What Does Paying It Forward Really Mean?

AS THE FAMILY  returned home from our Sunday outings, my husband read an on-line article about the “heartwarming” story of 1000 people in a row paying for each other’s Starbucks orders. He looked at me with a disgusted expression and asked, “How is that heartwarming?”
His point: the people waiting in line at Starbucks for their coffee can afford what they are buying, otherwise they’d be using that money for something they really need. (I use survey websites to get Starbucks for free, but I also don’t go everyday.)  Paying for someone else’s coffee is a nice gesture, but where’s the real meaning? Is this what people do to feel good about themselves these days?
People may call this Paying It Forward, but in this woman’s opinion, the true meaning of the term seems to be lost on the media. Paying It Forward is receiving a substantial amount of help when you need it because someone really cares to help out, and then you pass that compassion that on when you have the means.
For example, a young family struggles to make ends meet, so another individual helps them pay for their kids’ school tuition one year, removing part of a finical burden. Several years later, the receiver of that gift owns his own profitable business, so he uses his assets to help a few students attend a class trip they would otherwise miss. This legacy will be remembered years down the road when one of these students has the means to help another student in a similar situation. This kind of story is truly heartwarming, and is usually unknown except by a very few involved. These givers don’t seek out recognition and want to remain anonymous.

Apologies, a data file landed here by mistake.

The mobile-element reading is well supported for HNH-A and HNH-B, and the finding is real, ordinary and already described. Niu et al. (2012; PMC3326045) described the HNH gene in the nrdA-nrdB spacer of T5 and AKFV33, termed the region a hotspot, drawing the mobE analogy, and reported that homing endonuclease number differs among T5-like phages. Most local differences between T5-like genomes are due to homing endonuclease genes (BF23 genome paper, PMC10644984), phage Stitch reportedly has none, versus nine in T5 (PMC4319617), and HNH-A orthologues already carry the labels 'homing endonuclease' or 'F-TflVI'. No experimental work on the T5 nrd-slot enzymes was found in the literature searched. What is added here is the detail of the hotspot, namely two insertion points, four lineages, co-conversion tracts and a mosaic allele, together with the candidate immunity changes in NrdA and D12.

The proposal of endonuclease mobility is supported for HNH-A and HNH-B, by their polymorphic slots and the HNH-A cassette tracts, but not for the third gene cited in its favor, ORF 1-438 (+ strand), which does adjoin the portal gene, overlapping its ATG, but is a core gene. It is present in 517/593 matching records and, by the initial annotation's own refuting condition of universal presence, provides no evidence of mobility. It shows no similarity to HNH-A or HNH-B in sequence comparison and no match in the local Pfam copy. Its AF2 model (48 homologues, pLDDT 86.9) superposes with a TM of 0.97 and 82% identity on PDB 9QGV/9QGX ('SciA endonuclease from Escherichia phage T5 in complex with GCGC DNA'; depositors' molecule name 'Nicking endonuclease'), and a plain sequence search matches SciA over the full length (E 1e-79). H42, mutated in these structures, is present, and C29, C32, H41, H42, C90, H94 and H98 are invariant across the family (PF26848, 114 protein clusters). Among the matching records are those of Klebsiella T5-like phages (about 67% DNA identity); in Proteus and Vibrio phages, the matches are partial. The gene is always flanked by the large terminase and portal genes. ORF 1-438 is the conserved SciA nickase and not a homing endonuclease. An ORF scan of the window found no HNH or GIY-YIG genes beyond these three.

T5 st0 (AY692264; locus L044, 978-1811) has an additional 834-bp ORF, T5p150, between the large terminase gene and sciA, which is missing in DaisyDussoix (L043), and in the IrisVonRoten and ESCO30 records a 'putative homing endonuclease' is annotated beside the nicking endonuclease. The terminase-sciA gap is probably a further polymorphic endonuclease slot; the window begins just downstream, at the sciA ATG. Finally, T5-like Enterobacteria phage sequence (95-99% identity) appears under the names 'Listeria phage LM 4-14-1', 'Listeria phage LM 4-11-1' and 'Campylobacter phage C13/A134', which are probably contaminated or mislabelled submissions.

Kind gestures are nice, and our society needs kindness in order to function. We hold the door open for the person coming behind us, let the elderly couple go ahead in line at the fast food restaurant, or let the young mom towing two young kids with a cart load go ahead at the store, even if we only have a few items. These acts show that we care for our neighbors and that we have empathy for their situations. We’ve been there or we will be.
If you are at Starbucks and really want to do something heartwarming, give your hot grande pumpkin latte to the homeless man freezing his ass off on the corner. Serve coffee at a homeless shelter. Donate a week’s worth of that Starbucks cash to your local food pantry. When you see a family making good food choices with their government food assistance, pay for their groceries so that they can buy healthy meals for an extra week.
I’m not saying give up the small kind gestures we should do for each other everyday of the year. We need to reverse the contagion of rudeness and indifference that spreads over this country like the common cold. In fact, do a kind deed everyday for a stranger, something as simple as holding open the door.  You’d be amazed how just that can make someone’s day.

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